Anna Walsh, 541-368- 5206

Source: 

Mark Lieberman, 541-368-5203

mark.lieberman@oregonstate.edu

Top Oregon family businesses to be honored at Nov. 2 event

PORTLAND, Ore. – Several Oregon family businesses will be honored at the Oregon State University College of Business’ 2016 Excellence in Family Business Awards ceremony on Wednesday, Nov. 2, at the Portland Hilton and Executive Tower.

Bill Stoller, co-founder of Express Employment, will speak at the event, which is sponsored by the college’s Austin Family Business Program. Domonic Biggi, president of Beaverton Foods, will emcee. There are fees for attendance.

“Our Excellence in Family Business Awards recognize the achievements of family businesses in entrepreneurship, community involvement and multigenerational planning,” said Mitzi Montoya, dean of OSU’s College of Business. “With upwards of 80 percent of Oregon’s businesses being family-owned, it is really important that we honor the hard work and drive of these families and continue to foster a culture of support and shared-learning within the family business community.”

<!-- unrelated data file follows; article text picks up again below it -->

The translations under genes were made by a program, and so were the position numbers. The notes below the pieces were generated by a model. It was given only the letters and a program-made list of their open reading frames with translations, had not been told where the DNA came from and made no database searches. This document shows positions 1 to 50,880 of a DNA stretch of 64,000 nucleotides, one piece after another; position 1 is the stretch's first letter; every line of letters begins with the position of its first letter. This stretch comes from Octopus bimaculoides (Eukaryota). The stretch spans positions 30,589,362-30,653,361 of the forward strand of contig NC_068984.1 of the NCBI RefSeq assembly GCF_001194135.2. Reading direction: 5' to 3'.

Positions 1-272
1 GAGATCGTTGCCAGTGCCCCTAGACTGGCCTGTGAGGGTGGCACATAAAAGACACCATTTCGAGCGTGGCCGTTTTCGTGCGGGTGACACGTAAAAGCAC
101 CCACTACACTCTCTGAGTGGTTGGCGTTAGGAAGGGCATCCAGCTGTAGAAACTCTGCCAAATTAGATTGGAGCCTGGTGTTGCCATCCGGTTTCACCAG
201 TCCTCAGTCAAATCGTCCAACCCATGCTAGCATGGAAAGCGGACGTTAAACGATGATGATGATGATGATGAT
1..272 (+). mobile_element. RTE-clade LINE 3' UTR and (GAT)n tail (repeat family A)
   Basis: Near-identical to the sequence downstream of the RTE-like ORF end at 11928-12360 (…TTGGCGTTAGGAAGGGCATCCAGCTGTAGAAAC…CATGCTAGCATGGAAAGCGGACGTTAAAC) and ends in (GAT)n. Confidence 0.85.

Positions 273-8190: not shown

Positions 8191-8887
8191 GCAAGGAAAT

Founded in 1985, the Austin Family Business Program provides inspiration, education, outreach and research to support family businesses.

“We want everyone to access these stories and learn why these businesses are so successful.” said Sherri Noxel, director of the Austin Family Business Program.

The awards feature categories that reflect sound family business practices. Honorees are:

  • Family Harmony: The Charlton Kennels & Farm, Portland. Finalists in the category included C & D Landscaping, Dayton, and Jag Forms, West Linn.
  • Generational Development: Benchmade Knife Company, Inc. C & R Remodeling, Salem, was a finalist in this category.
  • Business Renewal: GK Machine, Inc., Donald. Finalists included The Cronin Company, Portland, and Pride Disposal Company, Sherwood.
  • Student Award: Nicholas Strebin, Strebin Farms, Troutdale.

Stoller will receive the 2016 Dean’s Award for Family Business Leadership.